I recently, finally listened to the entire soundtrack to Hamilton, the play based on the life of Alexander Hamilton. The story is a study of the lives of two people, Alexander Hamilton and Aaron Burr. As you may know from your history lessons, Aaron Burr killed Alexander Hamilton in a duel in 1804. However, the story of how they got there begins in New York in the 1770s, according to the play.
When Hamilton first approaches Burr, Hamilton just talks and talks and talks, wanting the American Revolution to get on so Hamilton could prove his worth. You see, Hamilton was born into a very dire situation in the British West Indies (present day St. Kitts and Nevis). When his mentors saw potential in him, they scraped up money to send him to New York, which was a British colony at the time. Nevertheless, Hamilton considered himself an immigrant.
On their first meeting in the musical, Hamilton talks a big game. He wants to serve in the coming war and help America become independent. To this, Burr advices Hamilton to “Talk less. Smile more. Don’t let them know what you’re against or what you’re for.” He warns Hamilton that only fools talk so much, and that they often wind up dead. Talk about foreshadowing.
In New York, Hamilton also meets the Marquis De Lafayette, John Laurens and Hercules Mulligan. Together with Burr, these four would go on to be instrumental in winning the Revolutionary War. After the war, Hamilton and Burr go on their parallel paths in law and politics. Hamilton, as you might know, becomes the first Secretary of the Treasury. Burr, after a career in law, becomes a US Senator. The two would have a contentious relationship.
In the end, Burr loses the election of 1800 to Thomas Jefferson, partly because Hamilton endorses Jefferson. As a result, Burr talks badly about Hamilton, and Hamilton replies in kind. It all came to a head in July of 1804. Although Burr was the Vice President of the United States, he still participated in the duel in which he shot Hamilton dead. (The runner-up in presidential elections became VP back then, and can you imagine Hillary Clinton as VP to Trump?!)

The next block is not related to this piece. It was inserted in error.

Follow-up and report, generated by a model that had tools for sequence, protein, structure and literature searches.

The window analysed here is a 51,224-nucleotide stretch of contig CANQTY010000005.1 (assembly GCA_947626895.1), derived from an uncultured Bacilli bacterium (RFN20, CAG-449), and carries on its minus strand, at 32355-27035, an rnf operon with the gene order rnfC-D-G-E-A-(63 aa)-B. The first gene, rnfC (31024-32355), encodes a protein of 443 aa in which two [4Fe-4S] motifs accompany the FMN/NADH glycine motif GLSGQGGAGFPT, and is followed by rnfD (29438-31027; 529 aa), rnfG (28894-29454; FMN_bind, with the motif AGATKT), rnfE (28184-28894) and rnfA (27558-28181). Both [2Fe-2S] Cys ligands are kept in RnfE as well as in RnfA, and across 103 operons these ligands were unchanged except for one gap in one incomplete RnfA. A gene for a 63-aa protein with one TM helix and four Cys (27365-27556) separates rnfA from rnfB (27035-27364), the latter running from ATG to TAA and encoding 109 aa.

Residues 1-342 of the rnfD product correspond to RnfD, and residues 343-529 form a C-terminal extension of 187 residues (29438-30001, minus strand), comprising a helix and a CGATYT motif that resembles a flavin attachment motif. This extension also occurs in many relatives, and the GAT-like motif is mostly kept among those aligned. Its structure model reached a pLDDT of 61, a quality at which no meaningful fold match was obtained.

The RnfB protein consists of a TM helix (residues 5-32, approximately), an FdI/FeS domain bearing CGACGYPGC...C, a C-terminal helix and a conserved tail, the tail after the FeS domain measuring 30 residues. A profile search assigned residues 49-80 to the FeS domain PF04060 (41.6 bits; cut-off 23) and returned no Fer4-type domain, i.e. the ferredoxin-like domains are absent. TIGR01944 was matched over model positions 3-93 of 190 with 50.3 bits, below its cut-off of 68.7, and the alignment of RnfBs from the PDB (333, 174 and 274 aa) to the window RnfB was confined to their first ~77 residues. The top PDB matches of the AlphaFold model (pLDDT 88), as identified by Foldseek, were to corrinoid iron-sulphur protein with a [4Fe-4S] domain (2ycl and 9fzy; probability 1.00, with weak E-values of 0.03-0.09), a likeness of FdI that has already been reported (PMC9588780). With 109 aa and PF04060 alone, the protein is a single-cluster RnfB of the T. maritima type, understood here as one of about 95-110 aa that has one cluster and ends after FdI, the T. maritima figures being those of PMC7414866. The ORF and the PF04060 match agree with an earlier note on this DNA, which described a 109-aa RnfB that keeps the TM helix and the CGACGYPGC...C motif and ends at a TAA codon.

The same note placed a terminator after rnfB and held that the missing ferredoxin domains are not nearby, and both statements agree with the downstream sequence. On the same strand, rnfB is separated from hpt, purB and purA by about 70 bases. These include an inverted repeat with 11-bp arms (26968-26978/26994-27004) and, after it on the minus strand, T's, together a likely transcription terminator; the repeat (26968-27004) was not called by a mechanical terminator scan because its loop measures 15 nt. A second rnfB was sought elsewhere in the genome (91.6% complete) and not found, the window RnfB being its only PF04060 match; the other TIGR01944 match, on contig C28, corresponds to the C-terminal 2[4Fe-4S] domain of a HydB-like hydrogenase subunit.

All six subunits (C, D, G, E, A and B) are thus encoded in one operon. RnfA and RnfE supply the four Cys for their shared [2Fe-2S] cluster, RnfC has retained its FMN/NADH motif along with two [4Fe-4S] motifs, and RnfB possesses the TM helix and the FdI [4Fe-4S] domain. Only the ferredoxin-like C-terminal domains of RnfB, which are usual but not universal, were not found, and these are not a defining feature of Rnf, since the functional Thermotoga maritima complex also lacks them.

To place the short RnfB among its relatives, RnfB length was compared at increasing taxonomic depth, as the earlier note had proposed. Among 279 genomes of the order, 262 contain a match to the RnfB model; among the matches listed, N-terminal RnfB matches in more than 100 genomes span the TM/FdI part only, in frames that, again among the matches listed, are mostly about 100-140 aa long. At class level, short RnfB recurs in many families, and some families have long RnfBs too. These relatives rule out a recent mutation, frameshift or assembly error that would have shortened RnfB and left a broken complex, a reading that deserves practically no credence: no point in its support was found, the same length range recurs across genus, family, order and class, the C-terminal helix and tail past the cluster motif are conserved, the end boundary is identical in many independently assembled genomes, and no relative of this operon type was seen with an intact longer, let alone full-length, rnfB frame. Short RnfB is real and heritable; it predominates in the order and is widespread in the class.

The musical leads you to believe that the duel was precisely because Hamilton didn’t just smile and stay quiet. He spoke truth to power wherever he could, and he paid the consequences. Hamilton is also portrayed as a bit of a hothead, something his son unfortunately inherited. You see, his son died in a duel not too long before Hamilton did (in 1801). George Eacker, a lawyer, had criticized Alexander Hamilton. In response, Philip Hamilton challenged Eacker to a duel, and losing. (Eacker would die in 1804 from Tuberculosis.)
At the end of the play, Eliza tells the story of how she tried to continue Alexander’s work. She lived to be 97 years old, a feat in those times. In that time, she put together Alexander’s biography, organized the multitude of papers he wrote, and advocated for the abolition of slavery. But it was in her re-telling of his habit of writing that we get yet another warning that words can put their author in peril.
As you can imagine, this all kind of hit close to home for me. I write a lot. (And I do mean a lot.) The blog is but a small sample of what I have floating out there in the big bad world. From time to time, these words have gotten me into trouble. From the time that antivaxxers came after my work (twice) at the health department, to angering my bosses because I couldn’t keep quiet over some situation… Or talking back to people who should have known better but didn’t.
On the other hand, I don’t think I’m enough of a hothead to go getting myself into duels. As far as violence goes, I couldn’t hurt a fly. So maybe I’m safe in that regard? Yet there is no telling what some people are willing to do to force their views and opinions on the rest of us in this well-armed society we live in. But, like Hamilton did, as long as I know what I’m doing is for the good of the world, everything else is just background noise… Right?
René F. Najera, DrPH
I'm a Doctor of Public Health, having studied at the Johns Hopkins University Bloomberg School of Public Health.
All opinions are my own and in no way represent anyone else or any of the organizations for which I work.
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